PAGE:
GBP - British pound
Whilst Joe Biden’s inauguration as the 46th President of the United States across the pond sent positive ripples through the global markets, sterling was boosted by stronger than expected inflation data yesterday. The Consumer Price index year on year was released at 0.6%, marginally better than the expected 0.5%, but strengthens the argument that the Bank of England do not need to enact any more interest rate cuts in the near term. Beyond this, sterling’s strong performance over the cause of yesterday and today can be attributed to a broader buoyant investor sentiment and stock markets in the green, as risk sentiment floods back into the markets.
Sterling broke above its key psychologically significant 1.37 marker against the US Dollar overnight, with analysts stating that a broad-based rally in equity markets are linked to the stimulus promises of the new Biden administration. This positive broad market sentiment was amplified by optimism around the new administration ushering in a strong Covid rescue package that will underpin US growth and the ongoing stock market rally. The pound's recent behaviour is testament to what we have seen over the years, outperforming when markets are in an ebullient expansion mode, and decline when markets are on the way down and investors are seeking out safe havens.
Wednesday saw Joe R Biden sworn in as the 46th President of the United States of America, with a speech highlighting unity and a need for America to mend some bridges both at home and overseas. Equity and currency traders welcomed the new Administration with open arms, as we saw new highs on the S&P 500 and Nasdaq. All eyes are now on Biden’s 100-day agenda, which hopes to deliver aggressive promises for more stimulus and broader vaccine distribution – the two most important ingredients for a 2021 recovery. His final package could be in the region of $1.9 trillion, also known as the ‘American rescue plan’. There is skepticism around the size and structure of the final plan, with a requirement of 10 Republican votes in order to pass it through. This means the final stimulus could be much smaller at circa $1 trillion leaving concerns over the viability of recent stock and currency market optimism and a possible return to safe havens by some quarters. As things stand though, the US Dollar remains on the back foot.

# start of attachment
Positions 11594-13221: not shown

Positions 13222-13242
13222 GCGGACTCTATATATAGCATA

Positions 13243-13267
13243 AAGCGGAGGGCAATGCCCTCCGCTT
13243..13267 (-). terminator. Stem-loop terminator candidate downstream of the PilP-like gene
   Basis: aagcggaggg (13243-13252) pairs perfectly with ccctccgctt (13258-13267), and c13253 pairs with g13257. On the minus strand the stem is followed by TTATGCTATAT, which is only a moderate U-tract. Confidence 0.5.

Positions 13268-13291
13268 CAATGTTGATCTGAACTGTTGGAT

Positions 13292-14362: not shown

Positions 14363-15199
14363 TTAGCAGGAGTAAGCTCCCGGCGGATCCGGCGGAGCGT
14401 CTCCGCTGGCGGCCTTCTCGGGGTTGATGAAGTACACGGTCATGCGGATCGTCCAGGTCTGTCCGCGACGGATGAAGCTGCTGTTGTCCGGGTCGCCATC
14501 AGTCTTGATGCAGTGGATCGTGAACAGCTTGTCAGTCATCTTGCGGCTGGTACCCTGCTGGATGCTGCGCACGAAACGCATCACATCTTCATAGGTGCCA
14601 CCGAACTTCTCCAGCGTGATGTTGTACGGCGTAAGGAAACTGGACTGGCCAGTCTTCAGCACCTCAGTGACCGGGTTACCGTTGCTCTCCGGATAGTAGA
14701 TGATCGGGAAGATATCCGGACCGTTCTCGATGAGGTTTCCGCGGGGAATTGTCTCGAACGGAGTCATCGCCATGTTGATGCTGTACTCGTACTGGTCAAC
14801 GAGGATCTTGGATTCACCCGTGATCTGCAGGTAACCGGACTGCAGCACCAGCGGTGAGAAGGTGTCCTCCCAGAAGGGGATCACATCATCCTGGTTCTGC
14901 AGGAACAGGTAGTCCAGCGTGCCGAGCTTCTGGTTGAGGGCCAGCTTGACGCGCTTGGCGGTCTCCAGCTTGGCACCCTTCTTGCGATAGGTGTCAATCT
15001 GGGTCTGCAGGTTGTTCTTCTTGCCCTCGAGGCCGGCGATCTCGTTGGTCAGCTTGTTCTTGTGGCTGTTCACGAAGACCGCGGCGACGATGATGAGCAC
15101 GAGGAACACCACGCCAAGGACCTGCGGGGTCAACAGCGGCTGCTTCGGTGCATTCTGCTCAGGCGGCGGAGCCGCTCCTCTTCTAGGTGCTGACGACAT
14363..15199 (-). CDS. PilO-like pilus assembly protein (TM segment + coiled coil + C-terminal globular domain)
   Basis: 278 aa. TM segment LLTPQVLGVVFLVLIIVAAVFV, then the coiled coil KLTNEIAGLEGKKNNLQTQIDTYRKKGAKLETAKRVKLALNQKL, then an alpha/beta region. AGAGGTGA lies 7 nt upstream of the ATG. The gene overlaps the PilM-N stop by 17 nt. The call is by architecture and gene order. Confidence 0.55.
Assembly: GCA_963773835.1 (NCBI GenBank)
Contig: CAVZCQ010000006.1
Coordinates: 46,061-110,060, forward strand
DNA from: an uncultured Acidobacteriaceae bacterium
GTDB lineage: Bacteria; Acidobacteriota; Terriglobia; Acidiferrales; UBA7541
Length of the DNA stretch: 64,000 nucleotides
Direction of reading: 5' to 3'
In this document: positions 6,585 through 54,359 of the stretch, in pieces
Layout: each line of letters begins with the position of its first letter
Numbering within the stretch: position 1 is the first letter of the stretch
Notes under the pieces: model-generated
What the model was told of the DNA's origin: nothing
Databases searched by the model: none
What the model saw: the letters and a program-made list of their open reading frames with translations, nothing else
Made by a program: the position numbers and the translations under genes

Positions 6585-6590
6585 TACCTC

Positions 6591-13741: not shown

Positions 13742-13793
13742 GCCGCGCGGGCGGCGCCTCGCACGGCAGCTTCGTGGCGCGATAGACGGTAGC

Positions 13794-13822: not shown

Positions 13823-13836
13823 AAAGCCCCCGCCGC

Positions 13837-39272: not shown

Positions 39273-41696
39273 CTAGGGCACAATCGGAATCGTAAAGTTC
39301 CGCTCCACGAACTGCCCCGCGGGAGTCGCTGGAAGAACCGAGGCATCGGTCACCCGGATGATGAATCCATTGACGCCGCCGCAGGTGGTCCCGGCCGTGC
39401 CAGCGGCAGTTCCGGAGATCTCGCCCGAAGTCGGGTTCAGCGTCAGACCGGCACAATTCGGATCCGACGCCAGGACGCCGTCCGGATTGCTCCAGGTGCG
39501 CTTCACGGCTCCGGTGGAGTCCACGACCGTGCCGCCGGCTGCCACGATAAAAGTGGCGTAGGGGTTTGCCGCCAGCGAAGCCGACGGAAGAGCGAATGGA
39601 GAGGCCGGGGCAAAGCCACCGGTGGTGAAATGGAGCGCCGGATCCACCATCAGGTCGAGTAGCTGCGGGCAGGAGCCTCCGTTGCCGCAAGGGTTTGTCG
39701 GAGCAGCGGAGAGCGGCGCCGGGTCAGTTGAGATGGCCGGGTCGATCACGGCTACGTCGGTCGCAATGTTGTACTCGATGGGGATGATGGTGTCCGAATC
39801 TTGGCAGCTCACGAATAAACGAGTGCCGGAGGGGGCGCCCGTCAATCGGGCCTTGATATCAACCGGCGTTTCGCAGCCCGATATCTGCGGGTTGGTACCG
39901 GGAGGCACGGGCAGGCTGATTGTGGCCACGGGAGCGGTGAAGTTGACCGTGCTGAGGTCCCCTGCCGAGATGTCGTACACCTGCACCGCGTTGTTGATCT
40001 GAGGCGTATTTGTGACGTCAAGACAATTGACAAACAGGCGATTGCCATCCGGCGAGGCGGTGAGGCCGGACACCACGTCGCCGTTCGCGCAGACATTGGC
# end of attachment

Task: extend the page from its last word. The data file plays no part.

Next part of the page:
All eyes now turn back over the pond to the Eurozone, where the Central Bank meet today to discuss their latest monetary policy. The Euro has been held back from recent global market rallies, with ongoing concerns that Christine Lagarde could discuss the requirement for further propping up of the Eurozone economy. No one expects the ECB to boost its asset purchasing programme, having only done so in December. However, since that meeting where purchases were increased by €500 billion till March 2022, new coronavirus strains and rising cases have forced countries across the Eurozone to extend their lockdown, suggesting more maybe needed. The big question is whether Lagarde will jawbone the Euro after recently stating that “we monitor very carefully the FX movements, but don’t target it.” Some argue that Europe’s hope for better relations with the new Biden Administration will deter them from talking down the currency, but a weak Euro is important for an export dominant Eurozone economy.
1.3710 - 1.3780 ▲GBP/EUR:
1.1280 - 1.1365 ▲EUR/USD:
1.2080 - 1.2170 ▼GBP/AUD:
1.7510 - 1.7735 ▼